The fantasy, however, did not meet everyone’s taste, as we read in La Presse théâtrale on December 15 of the same year: “M. Brunot will not blame me if I like his fantasy on Oberon’s motifs much less. This composition certainly has much to commend it; but I have the weakness of preferring to all the fantasies of the world, to all the variations of the virtuosos, the very motives that inspired them. I like Weber better than M. Brunot: it is a matter of taste! However, M. Brunot is a skilful flute player, whom the audience rightly applauded warmly and recalled. The Cirque, once again, proved that it was not favourable to all instruments: the low notes of the flute do not reach the ear, and the fine nuances are completely lost in this vast expanse.”
Nevertheless did Brunot convince his audience with his tasteful: “This artist has drawn from his instrument sounds of inexpressible sweetness; for him, melody has real charms, and he leaves to others the supposedly great difficulties that those who devote themselves to this instrument enjoy. The audience and the orchestra greeted the performer with long and sympathetic bravos.” (Messager 6.3.1864)
From the late 1860s on he appeared less an less in the national press. He continued playing in the orchestra of the Opéra Comique until his death in 1885.

Jean-Alphonse Mathieu, born on May 10, 1820 in Avignon, was 18 years old when he won the second price in the 1838 concours. Mathieu did not leave many traces. In 1847 he played a concert in Lyon. The Courrier de Lyon notes: “One of the most pleasant surprises of the evening was the fantaisie-caprice, for flute and piano, composed and performed by M. Mathieu. We already knew this artist, and the audience often applauded him as a distinguished flautist. The fantasia-caprice to which we allude has, moreover, shown him to be a skilful and learned composer. In this work, one of the most important and complete ever written for this instrument, M. Mathieu has used some of the sweetest melodies of Félicien Davis’ Symphony ‘Le Désert’ [a peculiar work and worth it to listen to!]. But the introduction and conclusion belong entirely to our compatriot, who has combined the merit of melodic originality with the talent of the arranger. Moreover, in this composition, where the most brilliant part is reserved for the flute, the piano accompaniment is of almost equal importance. To add that this piece was performed by M. Mathieu and by M. Joseph Luigini, is to say that it was rendered with all the charm and perfection of which it is susceptible.” Unfortunately, I did not find a copy of the fantasia-caprice. In 1853 Mathieu played a concert in Vichy. A critic wrote: “The flute solo, composed and played by M. Mathieu, was full of melody and was listened to in silent ecstasy”. In 1867 his name appears in a concert in Grenoble. Mathieu died in 1890 in Nimes.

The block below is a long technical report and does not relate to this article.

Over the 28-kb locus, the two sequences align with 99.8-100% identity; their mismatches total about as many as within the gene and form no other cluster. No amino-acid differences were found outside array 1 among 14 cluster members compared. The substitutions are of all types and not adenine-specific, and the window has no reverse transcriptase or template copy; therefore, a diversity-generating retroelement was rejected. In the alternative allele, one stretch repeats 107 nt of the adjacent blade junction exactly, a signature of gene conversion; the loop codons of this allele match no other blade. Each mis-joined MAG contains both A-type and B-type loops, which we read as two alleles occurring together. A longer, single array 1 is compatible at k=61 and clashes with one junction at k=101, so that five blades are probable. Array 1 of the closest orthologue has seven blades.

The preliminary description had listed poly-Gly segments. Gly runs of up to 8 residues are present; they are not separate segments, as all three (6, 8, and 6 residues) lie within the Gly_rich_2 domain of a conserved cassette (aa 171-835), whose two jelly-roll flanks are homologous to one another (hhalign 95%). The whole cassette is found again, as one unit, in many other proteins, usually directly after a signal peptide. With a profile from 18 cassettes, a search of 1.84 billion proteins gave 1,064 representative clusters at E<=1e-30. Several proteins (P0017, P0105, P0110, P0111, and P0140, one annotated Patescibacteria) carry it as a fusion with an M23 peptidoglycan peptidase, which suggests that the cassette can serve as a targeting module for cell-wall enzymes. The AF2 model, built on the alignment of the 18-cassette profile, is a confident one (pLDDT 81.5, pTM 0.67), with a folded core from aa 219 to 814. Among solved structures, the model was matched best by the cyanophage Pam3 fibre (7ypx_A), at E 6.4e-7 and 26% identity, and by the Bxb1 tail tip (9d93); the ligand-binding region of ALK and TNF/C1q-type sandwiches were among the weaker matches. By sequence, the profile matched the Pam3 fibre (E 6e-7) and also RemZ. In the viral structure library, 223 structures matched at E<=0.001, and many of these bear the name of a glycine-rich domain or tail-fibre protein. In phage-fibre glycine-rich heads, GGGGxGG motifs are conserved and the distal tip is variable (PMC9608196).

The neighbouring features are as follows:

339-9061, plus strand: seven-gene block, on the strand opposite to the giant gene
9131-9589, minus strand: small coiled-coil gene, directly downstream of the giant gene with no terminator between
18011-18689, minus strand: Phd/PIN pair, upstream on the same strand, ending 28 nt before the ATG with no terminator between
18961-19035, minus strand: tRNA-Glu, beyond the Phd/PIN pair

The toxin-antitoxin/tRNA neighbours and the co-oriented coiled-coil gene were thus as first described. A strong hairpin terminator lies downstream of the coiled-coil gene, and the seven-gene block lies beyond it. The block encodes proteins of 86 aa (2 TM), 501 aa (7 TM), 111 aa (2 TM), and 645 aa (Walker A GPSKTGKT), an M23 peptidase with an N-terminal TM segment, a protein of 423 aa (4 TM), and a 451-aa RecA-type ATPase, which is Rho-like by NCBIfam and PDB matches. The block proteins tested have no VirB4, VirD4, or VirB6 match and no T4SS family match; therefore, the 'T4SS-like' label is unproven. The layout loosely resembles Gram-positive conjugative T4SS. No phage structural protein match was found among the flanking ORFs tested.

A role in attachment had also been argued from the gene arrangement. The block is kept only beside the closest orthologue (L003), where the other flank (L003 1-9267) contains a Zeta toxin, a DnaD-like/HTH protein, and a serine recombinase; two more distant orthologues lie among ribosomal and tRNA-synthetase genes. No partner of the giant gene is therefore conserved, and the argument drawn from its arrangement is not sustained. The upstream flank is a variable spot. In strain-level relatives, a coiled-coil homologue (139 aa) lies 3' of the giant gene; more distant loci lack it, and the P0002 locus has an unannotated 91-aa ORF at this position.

Mathieu must have composed several works as the fantasy on the Desert symphony is his op. 6. Emil Prill mentions in his catalogue a Grand Solo op. 2, and the National Library of France lists a Grande Valse du Czar par Sigismond Artschkof, (impromptu de concert) variée pour la flûte and La Fauvette captive, caprice-valse, pour flûte avec acc. de piano, op. 19.